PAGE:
Timothy Higgins, picked last for the team, is the saddest boy in the world. Friendlessness, suburban complacency and prescription drugs have conspired against the youngster to make this his worst year yet. Musical Chairs and birthday cake can’t save him now—at his ninth birthday party, Timothy prepares for a show-stopping suicide.

I'm still trying to figure out why this film was made. Although occasionally humorous, it was sad and painful to see how "the saddest boy in the world" lives. But I don't think I grasped the message behind this film. What did the writer want us to feel, do, say? Oddly enough, I went to school with a boy named Timothy Higgins. 2 stars.

Spider Lilies
In this 2007 Teddy Award-winner for Best Feature, two lonely young women meet in a tattoo parlor and slowly realize that they share a past connection—as well as a torrid lesbian attraction in the present. Nineteen-year-old Jade looks and acts childish, yet makes her living doing private webcam sex shows for those willing to pay to see it. Visiting a tattoo parlor, she decides to get a spider lily tattooed on her arm, which 20-year-old owner/artist Takeko also has. But beyond their attachment to spider lilies, it turns out that these two women share a deeper connection to one another: they first met ten years ago as children living in the countryside. Back then, Jade had developed a powerful crush on Takeko which endures to this day. Can their love turn into a full-fledged adult romance? Directed by Taiwanese lesbian filmmaker Zero Chou, Spider Lilies sees its love-starved protagonists flirt with one another in the present while, via flashbacks, we learn of the heartbreaking tragedy and pain in their shared past. Further complicating their romance is Takeko’s high maintenance brother and an undercover policeman charged with busting the webcam sex ring that Jade is a part of.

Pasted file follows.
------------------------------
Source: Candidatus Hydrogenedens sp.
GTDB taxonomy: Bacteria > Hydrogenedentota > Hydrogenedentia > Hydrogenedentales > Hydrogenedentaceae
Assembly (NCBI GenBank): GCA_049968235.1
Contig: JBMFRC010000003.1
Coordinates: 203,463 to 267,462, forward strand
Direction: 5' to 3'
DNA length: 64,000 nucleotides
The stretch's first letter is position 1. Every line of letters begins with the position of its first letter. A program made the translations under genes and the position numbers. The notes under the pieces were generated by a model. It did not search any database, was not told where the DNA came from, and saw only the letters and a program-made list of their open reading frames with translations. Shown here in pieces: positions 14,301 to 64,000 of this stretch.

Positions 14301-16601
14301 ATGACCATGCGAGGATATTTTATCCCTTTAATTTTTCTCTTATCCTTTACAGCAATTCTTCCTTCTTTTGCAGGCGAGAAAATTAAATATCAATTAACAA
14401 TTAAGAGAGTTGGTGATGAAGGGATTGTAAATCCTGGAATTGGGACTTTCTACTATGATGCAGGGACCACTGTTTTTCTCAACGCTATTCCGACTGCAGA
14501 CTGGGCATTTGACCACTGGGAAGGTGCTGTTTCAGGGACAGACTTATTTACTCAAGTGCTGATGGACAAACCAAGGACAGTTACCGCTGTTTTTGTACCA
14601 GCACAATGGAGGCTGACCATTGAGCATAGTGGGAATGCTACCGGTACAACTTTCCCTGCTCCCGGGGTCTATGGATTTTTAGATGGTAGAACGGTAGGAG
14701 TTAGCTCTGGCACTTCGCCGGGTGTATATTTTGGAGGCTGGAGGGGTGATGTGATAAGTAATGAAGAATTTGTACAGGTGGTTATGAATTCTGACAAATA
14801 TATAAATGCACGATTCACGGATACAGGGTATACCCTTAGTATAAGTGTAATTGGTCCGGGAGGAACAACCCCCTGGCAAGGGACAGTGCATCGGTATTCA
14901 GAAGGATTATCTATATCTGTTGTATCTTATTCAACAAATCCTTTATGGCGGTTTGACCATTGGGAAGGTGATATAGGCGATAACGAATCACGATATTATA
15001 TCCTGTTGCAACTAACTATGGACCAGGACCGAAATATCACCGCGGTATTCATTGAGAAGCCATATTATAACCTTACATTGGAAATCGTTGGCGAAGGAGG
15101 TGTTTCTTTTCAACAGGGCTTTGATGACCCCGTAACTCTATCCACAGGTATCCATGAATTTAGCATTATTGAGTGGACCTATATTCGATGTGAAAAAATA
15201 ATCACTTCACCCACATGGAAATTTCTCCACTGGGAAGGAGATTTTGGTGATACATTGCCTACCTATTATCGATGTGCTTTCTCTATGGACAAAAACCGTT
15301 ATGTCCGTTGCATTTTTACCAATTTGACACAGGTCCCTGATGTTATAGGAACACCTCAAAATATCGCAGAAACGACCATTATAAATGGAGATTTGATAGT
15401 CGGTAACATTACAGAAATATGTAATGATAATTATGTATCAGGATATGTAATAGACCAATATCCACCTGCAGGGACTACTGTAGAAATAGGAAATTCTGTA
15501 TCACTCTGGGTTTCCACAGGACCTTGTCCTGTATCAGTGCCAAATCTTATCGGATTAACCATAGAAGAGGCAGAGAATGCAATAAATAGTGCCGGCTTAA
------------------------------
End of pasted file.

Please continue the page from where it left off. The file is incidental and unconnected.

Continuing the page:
I liked the way the story was told in this film, slipping effortlessly back and forth between the present and 10 years earlier. Little by little the pieces of the puzzle begin to fit together revealing to viewers the beautiful and tragic story of the spider lily tattoo. 4 stars.

At her wedding reception, Keren breaks a leg. And bang goes the Caribbean honeymoon. A strange little girl comes out of the sea and follows Batya like a shadow until Batya’s life changes forever. Joy is a maid from the Philippines. She works for a tough old lady and unintendedly reconciles her with her daughter. This is a composite film, made of scraps of humanity, like so many messages in a bottle, verging on the absurd...A portrait of a messy world in which everyone scrapes by as best they can, looking for love, for something to remember or to forget.

This film felt very disjointed to me. I like films with multiple plots running concurrently, but this one just didn't seem to ever come together. There are 3 different stories that didn't seem related to one another in any way. One of them left me wondering if some of the scenes were fantasy or if the character was about to be diagnosed with a mental disorder. And why the title Jellyfish? 2 stars.

Drag Queen name of the day: Tess Tosterone